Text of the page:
There has been, if one can say it in this way, a sort of political, and not religious, “alienation”, under which the term “democracy” has condensed and served as a conduit for very broad range of long-standing dissatisfactions and grievances. Unemployment, corruption, repression, humiliation, and wretched living have been measured in a certain way by the broken promises of the West, whose word has been taken with a seriousness that is in itself subversive. At the moment when its practice is in greatest retreat in Europe and the United States, when it can be least permitted in the developed capitalist centres, a furious desire for democracy, an uncontainable democratising impulse has toppled three tyrants and threatens at least two more in a zone of the world – the north of Africa and the Near East – where for the last 70 years a large part of the geopolitical, energy and self-interested attention of the great powers has been concentrated, which, precisely for that, had until now prevented through all means that the most elementary citizen freedoms and freedoms be exercise. It does not matter if these revolutions are not left wing or if they will be more or less held captive or managed from outside, as one might fear: what is true is that in no other place in the world does the very notion of democracy result more intolerable and dangerous for all the actors on the terrain. The vote of the Tunisians the past 23rd October is the expression of a remarkable national and regional victory and it obliges moreover a change in the rules of the game of Western intervention in the entire region.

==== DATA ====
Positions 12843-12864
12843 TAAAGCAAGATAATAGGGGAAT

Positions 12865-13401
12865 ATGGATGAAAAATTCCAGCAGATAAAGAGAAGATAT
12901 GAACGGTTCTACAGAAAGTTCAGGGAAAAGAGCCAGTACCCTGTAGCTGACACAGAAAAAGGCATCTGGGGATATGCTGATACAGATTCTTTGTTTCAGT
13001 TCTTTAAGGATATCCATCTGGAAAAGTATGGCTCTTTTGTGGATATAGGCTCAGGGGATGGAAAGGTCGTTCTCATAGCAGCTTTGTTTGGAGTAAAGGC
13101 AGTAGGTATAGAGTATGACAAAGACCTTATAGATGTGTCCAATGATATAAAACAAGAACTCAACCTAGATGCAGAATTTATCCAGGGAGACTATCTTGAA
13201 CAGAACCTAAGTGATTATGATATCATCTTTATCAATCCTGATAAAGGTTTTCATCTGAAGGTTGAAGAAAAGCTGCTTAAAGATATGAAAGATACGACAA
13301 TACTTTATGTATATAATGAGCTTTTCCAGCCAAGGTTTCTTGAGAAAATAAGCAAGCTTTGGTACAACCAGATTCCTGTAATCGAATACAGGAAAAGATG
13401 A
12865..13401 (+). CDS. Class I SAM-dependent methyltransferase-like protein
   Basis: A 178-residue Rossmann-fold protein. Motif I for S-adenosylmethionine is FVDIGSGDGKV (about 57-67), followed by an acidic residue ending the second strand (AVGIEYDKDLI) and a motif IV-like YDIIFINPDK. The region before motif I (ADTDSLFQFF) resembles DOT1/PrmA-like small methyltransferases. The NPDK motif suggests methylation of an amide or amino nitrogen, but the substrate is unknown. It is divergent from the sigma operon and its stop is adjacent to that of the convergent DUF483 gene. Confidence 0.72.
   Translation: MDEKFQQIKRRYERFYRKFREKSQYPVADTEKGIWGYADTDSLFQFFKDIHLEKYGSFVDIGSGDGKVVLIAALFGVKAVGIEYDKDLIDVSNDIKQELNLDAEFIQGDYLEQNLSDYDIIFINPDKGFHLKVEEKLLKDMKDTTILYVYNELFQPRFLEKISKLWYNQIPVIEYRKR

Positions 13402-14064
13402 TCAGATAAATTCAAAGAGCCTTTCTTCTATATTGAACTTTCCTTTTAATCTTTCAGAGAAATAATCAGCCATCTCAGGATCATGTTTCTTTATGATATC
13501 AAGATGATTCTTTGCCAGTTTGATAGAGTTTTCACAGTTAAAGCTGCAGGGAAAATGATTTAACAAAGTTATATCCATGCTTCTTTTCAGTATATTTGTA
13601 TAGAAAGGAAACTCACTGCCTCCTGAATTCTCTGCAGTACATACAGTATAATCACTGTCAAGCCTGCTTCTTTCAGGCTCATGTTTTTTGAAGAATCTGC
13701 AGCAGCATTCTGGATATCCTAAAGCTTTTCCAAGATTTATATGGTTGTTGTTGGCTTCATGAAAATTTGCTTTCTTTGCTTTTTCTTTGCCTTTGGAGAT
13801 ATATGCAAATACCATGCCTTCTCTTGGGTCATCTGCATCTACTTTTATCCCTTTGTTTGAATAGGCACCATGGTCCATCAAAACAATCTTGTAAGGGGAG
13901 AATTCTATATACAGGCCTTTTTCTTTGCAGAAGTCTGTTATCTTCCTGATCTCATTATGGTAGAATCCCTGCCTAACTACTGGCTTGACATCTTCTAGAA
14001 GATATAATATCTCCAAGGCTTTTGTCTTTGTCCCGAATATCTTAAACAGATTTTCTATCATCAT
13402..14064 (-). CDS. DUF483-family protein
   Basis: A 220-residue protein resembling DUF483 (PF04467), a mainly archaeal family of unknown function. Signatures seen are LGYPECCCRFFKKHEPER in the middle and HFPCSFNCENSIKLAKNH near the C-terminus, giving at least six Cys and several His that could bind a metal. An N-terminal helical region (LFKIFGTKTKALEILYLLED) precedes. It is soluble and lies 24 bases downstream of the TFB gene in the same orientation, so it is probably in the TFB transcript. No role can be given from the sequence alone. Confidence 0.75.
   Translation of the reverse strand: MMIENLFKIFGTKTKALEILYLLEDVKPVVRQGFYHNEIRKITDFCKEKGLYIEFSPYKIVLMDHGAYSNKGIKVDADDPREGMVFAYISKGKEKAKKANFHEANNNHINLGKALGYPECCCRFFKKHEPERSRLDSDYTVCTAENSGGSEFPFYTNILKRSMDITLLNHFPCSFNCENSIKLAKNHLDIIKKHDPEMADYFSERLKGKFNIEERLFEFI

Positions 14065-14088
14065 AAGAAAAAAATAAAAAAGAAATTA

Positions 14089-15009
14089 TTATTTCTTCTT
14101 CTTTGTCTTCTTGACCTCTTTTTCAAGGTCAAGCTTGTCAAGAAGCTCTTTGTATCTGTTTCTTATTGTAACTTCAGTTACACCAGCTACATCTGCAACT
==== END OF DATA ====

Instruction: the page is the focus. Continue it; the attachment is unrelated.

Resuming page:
The potency of the politically correct